The doctor shook his head. “Not exactly. Generally, people play for one lifetime before jacking out, back to reality. If it’s a really short life, like infant mortality, then the game will automatically enroll them in another life. Not much sense in popping out a second after you popped in! But one Earth lifetime generally lasts about five to fifteen minutes in the real world, so that’s a nice little diversion.”

The doctor paused, allowing Jack to process this information.

Jack’s head spun. It was a truly incredible story. Unfortunately, it seemed to fit his recent experiences better than any theory that he could come up with. “So why did I have such trouble when I jacked out? And why did I jack out? I don’t remember dying.” Jack thought. “I think I was brushing my teeth.”

“You didn’t die.” The doctor grimaced. “Back in the early days, when I was creating the game, I sometimes needed to go into the game to debug. That meant that I needed to be able to jack out at will. So I have a special escape sequence that pops me out. I designed that sequence so that it’s nearly impossible to do accidentally, but I hadn’t figured on there being five billion people doing random things.”

The doctor watched Jack carefully as he said, “You tripped the escape sequence accidentally.”

Jack nodded slowly. “I see. And because I didn’t come out in the proper sequence, I got really confused.” He paused. “Sort of like waking up from a dream abruptly and taking a few minutes to figure out where you are.”

The doctor looked pained. “Not exactly.” He sighed, opened his mouth, then closed it again. He tried again. “The body you jacked out into wasn’t yours.”

Jack laughed. “Whoa! That would be embarassing! Okay, I get it. I can see how that could cause problems.”

The doctor looked a little bit surprised, but relieved, to hear Jack take it so well.

Jack reassured the doctor. “But no harm done, right? Just put me back in my body and whoever back in his, and it’ll all be fine.”

The doctor suddenly looked guarded again. Jack felt himself start to panic. “Right?”

The doctor shook his head slowly. “No, I’m afraid it’s not that simple. You don’t have a body to jack out to.”

“What?” yelled Jack. “My body died while I was off in somebody else’s?”

“No, Jack,” said the doctor quietly. “You never had one.”

Jack stared at the doctor.

“Jack,” said the doctor gently, “You aren’t a player. You’re a sim.”

Jack’s jaw went slack.

“Your escape sequence inserted your persona into someone else’s body, and I do not have the clear legal right to remove you from her body without your consent. Meanwhile, she is in the machine, and although I slowed the game way down, eventually she’s going to die and need a body to jack out to. That means that she and all the other 1.7 million players in the machine are spending longer than they thought they would, and pretty soon they’ll be late for dinner and get really ticked off about it. So not to rush you or anything, but we need to resolve this fast. I need your consent to pull you out of the body you’re occupying and put you back in the game.”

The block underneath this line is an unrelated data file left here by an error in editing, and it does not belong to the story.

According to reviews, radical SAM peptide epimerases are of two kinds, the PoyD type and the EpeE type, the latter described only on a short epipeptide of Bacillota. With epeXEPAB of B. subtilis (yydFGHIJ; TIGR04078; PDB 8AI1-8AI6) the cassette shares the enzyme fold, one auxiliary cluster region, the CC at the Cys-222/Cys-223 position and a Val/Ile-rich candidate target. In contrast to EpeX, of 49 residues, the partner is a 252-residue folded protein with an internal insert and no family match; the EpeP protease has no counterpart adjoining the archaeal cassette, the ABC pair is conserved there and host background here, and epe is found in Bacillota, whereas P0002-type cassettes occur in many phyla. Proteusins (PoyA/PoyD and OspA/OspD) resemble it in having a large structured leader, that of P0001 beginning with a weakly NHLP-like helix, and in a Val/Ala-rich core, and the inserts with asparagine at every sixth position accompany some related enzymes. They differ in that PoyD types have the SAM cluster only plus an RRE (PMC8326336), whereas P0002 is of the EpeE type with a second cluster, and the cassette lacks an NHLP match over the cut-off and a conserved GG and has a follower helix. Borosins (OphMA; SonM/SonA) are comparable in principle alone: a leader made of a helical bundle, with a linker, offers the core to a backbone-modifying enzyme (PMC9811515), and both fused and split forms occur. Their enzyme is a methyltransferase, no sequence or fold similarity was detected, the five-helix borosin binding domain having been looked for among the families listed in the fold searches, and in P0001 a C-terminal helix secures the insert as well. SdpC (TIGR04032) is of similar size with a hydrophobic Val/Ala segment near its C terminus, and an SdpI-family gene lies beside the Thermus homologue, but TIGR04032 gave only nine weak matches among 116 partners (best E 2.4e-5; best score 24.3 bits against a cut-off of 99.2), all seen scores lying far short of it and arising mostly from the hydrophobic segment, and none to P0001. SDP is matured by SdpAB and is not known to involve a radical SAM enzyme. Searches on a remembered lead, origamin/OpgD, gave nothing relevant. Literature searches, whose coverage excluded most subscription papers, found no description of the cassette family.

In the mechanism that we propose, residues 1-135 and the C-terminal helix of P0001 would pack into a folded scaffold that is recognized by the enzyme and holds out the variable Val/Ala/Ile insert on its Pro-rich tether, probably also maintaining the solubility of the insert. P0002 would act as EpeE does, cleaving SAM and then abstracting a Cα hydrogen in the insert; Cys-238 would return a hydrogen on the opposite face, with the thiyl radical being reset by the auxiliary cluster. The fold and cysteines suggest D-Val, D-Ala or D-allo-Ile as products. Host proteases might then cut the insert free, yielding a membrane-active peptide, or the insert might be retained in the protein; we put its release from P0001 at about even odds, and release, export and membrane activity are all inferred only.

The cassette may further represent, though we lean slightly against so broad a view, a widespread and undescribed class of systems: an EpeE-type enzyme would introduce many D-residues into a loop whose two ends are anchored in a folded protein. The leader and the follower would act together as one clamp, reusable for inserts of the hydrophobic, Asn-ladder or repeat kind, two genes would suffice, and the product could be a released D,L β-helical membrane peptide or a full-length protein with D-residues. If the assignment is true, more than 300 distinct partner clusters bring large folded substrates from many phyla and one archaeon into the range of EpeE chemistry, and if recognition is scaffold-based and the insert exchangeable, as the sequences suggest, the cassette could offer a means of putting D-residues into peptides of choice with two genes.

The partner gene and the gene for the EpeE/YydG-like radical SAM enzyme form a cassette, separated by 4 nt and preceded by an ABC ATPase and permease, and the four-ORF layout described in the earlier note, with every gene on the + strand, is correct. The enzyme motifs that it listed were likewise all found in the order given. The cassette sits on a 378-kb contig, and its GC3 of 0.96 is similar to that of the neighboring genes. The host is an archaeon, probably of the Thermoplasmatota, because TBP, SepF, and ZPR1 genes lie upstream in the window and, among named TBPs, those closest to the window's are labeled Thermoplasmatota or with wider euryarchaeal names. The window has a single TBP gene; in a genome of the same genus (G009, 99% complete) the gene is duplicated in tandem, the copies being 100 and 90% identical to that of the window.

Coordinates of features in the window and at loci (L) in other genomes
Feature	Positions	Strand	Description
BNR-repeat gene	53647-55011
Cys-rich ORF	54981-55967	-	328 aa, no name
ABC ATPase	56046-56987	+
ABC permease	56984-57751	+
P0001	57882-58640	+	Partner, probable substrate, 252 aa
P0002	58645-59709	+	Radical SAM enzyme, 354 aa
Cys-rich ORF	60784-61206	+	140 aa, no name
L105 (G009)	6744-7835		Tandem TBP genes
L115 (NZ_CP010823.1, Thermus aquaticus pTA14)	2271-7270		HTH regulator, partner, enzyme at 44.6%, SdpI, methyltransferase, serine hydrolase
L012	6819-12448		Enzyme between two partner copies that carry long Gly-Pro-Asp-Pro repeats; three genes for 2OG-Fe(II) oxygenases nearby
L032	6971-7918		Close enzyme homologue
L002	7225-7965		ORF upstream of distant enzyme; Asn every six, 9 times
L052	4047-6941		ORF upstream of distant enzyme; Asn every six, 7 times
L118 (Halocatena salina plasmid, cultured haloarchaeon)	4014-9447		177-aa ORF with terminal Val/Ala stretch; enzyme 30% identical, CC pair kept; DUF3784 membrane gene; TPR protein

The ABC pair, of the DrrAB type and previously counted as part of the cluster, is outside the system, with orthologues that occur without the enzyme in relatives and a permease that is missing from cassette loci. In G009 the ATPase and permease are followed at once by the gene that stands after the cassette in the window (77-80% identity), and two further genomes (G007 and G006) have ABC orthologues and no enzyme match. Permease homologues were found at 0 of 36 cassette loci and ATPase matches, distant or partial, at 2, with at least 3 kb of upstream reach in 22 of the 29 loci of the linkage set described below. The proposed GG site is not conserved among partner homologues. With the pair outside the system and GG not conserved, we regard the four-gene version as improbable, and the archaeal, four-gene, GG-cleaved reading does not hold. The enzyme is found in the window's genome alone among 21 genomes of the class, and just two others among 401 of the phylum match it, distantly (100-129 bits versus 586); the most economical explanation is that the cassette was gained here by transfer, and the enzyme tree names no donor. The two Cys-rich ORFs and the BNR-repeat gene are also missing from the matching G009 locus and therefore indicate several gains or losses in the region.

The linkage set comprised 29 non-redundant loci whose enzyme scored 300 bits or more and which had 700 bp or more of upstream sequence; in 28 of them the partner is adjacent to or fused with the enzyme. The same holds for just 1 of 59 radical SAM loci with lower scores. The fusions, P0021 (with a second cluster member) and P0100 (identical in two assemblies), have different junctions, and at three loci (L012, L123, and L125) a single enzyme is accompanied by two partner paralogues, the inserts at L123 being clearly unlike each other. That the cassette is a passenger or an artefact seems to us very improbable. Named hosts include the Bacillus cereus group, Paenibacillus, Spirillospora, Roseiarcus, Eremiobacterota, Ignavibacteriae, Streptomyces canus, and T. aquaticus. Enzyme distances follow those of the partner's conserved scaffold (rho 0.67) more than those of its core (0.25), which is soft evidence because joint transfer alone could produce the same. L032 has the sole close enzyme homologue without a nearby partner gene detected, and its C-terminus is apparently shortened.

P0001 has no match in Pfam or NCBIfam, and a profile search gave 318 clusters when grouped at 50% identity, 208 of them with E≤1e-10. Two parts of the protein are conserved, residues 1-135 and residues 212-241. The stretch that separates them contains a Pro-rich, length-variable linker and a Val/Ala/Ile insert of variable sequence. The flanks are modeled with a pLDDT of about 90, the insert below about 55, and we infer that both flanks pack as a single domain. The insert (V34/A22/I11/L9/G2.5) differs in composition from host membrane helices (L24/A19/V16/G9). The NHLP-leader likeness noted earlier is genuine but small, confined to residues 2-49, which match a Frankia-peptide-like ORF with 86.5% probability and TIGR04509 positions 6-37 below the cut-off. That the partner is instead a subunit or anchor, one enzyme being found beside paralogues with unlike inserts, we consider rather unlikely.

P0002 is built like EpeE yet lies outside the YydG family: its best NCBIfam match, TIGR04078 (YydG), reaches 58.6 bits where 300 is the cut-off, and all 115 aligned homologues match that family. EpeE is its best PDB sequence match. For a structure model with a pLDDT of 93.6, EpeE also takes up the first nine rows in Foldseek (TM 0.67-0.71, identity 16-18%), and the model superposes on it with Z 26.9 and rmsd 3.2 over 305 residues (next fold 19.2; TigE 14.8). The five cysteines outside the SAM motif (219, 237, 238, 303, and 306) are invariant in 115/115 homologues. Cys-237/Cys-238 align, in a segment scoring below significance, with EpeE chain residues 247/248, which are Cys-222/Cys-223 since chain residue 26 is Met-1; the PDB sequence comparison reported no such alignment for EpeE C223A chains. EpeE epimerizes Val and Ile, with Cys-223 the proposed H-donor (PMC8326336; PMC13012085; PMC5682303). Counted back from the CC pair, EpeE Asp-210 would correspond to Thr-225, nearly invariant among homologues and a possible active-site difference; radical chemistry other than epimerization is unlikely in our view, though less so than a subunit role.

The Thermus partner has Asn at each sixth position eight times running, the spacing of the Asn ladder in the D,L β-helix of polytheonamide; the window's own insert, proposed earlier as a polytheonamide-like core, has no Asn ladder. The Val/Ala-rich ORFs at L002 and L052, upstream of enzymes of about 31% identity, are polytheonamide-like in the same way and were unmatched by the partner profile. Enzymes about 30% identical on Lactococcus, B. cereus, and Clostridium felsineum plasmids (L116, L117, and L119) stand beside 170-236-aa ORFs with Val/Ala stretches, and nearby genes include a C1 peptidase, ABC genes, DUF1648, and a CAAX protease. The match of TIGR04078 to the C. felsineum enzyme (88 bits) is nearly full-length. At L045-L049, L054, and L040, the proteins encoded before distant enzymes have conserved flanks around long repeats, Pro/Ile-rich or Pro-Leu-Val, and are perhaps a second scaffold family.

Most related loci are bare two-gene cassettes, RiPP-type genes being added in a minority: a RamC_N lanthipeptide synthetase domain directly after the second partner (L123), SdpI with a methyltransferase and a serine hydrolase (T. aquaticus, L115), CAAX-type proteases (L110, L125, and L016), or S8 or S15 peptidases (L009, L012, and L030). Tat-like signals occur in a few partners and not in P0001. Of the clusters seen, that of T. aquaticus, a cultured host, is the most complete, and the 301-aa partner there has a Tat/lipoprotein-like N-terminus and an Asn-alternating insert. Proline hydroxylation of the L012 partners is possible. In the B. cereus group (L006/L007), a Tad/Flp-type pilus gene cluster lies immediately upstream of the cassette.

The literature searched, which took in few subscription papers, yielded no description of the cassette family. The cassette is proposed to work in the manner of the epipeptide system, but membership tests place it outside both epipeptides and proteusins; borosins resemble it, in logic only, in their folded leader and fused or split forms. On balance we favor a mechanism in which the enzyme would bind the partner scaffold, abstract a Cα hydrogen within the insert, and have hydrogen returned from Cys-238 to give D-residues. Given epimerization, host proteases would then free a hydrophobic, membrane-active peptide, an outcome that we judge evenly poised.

“But where am I now? Aren’t I in the game now? This looks like three dimensions to me, not six.”

“I pulled the code for your body out of a backup from last year and created this room special for you so that you could focus on this conversation instead of trying to cope with six dimensions. However, you’re still connected to the player’s body in a way that would take a long time to explain.”

Jack whipped his left forearm around. Sure enough, the mole his doctor had removed in July was still there.

He opened his mouth, then closed it. Apparently the doctor was telling the truth.

Jack thought. What did it all mean for him? If he stayed in “the real world”, he’d never see Maggie and Ryan again. On the other other hand, could he love them knowing that they were sims? Could he respect himself, knowing that he was a sim? Knowing that he lived in a pale shadow of the real world?

Would he be able to jack out again if he wanted to? Jack tried to remember exactly what he had been doing right before the world exploded. Something about brushing his teeth, but apparently he must have done some other strange thing like thinking of wombats eating rutabagas while tensing his left toe. Whatever it was, the disorientation had swept the memory clear out of his mind.

If he went back to Earth, how safe would he be? What would prevent God from killing him off so that he didn’t accidentally jack out again? Did sims have any rights at all?

On the other hand, if he refused consent, would that make him a murderer? Would he be legally allowed to take ownership of the new body? Could they grow him a new body? Could they grow the player a new body?

Could he get used to the extra dimensions? Would the player’s body “know” how to handle six dimensions, or would he go crazy trying to process all those dimensions? Would he be at a permanent disadvantage in the six-dimensional world? Would he be a retard? A freak?

The doctor figure — God — just sat and waited, looking more and more nervous as the minutes rolled by.

As questions tumbled ever faster through his head, Jack realized that he was at an enormous disadvantage. All he knew about the real world was that it had six dimensions and ultraviolet trees. He didn’t know how much negotiating leverage he had or even a clear idea of what he could or should bargain for.

Jack finally reached clarity, and smiled. He realized that the doctor had inadvertently given him a clue to great power, a piece of information that gave him the means to enormous knowledge, wealth, power, and perhaps even a certain form of immortality. Jack turned back to the doctor and uttered the magic phrase: “I want to speak to a lawyer.” And smiled.